John Jasper, prominent slave preacher and founder of Sixth Mount Zion Baptist Church in Richmond, gave this sermon in 1878. The dialect representations are part of the 1882 publication. This sermon was one of his landmark sermons. It is celebrated as one of the more powerful sermons in the early foundation of the Black Church in the American context.
In this sermon in the book of Amos, Russ preaches that it is never safe to ignore the work of justice, and that the American church has compromised its witness by doing so. He addresses the Hebrew word for “oppressed” and the accusations of “Marxism” it attracts, and admonishes us to respond to God’s prophetic word with self-abasement instead of self-defense. “The God who is Love is furious when the royal dignity of His image-bearers is disregarded and offended.” There is no greater wound you can inflict on a person who is suffering an injustice than to say that God has nothing to say about it.
St. John Chrysostom
This homily was preached by St. John Chrysostom, Archbishop of Constantinople in 399 following the fall from grace of the Imperial consul-eunuch Eutropius who sought to eliminate the right of sanctuary. Fleeing a mob seeking his life, Eutropius ironically finds sanctuary in the cathedral. St. John Chrysostom preaches this rhetorically brilliant homily which stands as both a condemnation of hypocrisy and mobs. Ultimately, it is a call to render mercy and forgiveness.
Leaders from two divided groups met 50 years after their conflict. They issued this preface and introduction, emphasizing the way in which public professions of faith and peacemaking go hand in hand: for the Anabaptists to credibly speak to its well-known peace witness, it must reconcile its own history.
To rebuild the public realm, we must reform the police; to do that, we should turn to the policing principles first set out in 1829 by Robert Peel: the “police” are just members of the public “who are paid to give full-time attention to duties which are incumbent on every citizen in the interests of community welfare and existence.”
Pilgrim Marpeck, from “Men in Judgment and the Peasant Aristocracy,” 473-475, in The Writings of Pilgrim Marpeck (Scottdale, PA: Herald Press, 1978). Pilgrim Marpeck joined the Anabaptists in Austria in 1528, in the region of Rattenberg and Triol, a region which had...
Martin Luther King, Jr.
“Martin Luther King Jr.’s sermon “A Knock at Midnight” addresses the need for all Christians to align their hearts to the work of God. The message from this sermon left many Christians living in America asking themselves about the purpose of religion in their everyday lives.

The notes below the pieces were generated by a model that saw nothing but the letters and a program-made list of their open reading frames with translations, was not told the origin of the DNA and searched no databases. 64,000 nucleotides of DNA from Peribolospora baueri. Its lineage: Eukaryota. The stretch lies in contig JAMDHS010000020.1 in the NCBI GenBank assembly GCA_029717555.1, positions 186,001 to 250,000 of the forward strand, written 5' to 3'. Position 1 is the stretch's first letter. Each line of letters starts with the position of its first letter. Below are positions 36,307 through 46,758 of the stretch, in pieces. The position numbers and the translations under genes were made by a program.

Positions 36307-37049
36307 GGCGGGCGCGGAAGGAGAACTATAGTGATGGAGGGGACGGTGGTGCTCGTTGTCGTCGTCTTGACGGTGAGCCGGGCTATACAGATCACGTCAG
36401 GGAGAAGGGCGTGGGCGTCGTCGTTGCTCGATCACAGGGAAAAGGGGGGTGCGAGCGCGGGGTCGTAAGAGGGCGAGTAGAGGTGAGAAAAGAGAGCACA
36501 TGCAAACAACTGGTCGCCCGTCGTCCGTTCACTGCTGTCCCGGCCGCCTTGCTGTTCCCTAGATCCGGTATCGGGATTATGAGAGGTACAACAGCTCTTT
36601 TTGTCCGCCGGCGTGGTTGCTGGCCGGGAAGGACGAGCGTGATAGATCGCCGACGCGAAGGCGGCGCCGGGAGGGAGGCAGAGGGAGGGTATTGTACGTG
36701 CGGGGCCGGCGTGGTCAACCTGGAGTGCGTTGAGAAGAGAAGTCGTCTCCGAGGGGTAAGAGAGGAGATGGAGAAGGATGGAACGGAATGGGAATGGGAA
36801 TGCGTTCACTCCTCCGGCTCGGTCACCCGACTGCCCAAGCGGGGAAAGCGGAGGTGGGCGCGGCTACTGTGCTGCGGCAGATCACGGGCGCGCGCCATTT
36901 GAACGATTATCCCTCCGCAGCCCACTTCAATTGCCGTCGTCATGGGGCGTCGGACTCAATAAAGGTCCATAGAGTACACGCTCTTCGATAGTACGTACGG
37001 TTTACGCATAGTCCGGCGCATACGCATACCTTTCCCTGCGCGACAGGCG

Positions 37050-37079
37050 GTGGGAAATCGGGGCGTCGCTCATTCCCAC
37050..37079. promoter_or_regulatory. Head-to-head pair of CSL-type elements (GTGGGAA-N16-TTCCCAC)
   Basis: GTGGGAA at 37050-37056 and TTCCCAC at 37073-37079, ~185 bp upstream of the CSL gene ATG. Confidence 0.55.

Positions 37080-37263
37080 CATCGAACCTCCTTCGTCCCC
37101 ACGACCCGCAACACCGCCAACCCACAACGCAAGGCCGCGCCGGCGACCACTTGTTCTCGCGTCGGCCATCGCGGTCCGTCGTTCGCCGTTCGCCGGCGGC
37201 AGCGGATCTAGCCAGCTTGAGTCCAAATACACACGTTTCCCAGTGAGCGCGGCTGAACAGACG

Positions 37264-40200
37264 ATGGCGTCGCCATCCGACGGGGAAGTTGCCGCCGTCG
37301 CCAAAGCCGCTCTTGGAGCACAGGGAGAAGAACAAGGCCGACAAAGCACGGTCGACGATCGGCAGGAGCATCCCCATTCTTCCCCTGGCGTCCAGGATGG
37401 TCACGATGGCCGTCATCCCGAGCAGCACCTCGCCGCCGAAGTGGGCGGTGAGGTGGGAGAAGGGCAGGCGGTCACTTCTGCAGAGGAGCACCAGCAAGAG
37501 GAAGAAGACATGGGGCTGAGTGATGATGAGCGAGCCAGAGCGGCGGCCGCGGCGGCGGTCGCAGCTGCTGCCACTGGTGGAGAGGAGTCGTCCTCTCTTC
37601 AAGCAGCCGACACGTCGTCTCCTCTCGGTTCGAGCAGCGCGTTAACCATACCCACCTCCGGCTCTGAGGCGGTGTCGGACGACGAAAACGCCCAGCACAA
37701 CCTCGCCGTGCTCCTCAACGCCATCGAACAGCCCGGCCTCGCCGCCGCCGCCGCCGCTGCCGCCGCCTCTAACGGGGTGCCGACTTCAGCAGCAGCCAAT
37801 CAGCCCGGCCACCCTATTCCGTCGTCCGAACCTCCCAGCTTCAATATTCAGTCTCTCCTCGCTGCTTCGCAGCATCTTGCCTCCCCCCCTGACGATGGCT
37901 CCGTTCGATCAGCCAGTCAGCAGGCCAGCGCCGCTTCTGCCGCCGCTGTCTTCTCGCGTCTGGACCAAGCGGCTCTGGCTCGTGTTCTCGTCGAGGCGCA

Justin Ariel Bailey
What is freedom for? In this sermon, Bailey unpacks the “fuller dimension of freedom” that directus us toward fidelity to the God of justice, righteousness, and liberation: a restoration of our creational purpose. While the church has not always lived up to this vision (and sometimes, as Bailey reminds us, miserably failed), this is still the call that God gives us. God calls us, once again, as those who have been mercifully and graciously welcomed into salvation, to follow him as the one who sets himself against the oppressive powers of the day to liberate his people, to root out idolatry and injustice, to live lives dedicated to Christ, the Lord over all. Our freedom as Christians is “always the freedom to serve, the freedom to sacrifice, the freedom to put others beforeo ourselves, the freedom to speak up for our neighbors and to lay down our lives for our enemies.”
Bishop Robert Barron
So many of our democratic principles are grounded in deeply religious principles: equality, freedom, the dignity of the individual. To see violent people invading the space historically opened up to debate the best ways to further these principles for the citizenry was both disturbing and unnerving. We all must engage in a national examination of conscience.
In August 1934, the Bruderhof informed the German government that it would refuse to participate in a mandatory national plebiscite to affirm Hitler’s regime. The group was already under constant police surveillance and had been raided twice by the SS. In the community’s worship meeting the Sunday before the vote, its pastor Eberhard Arnold gave the following address on the relation of church and state.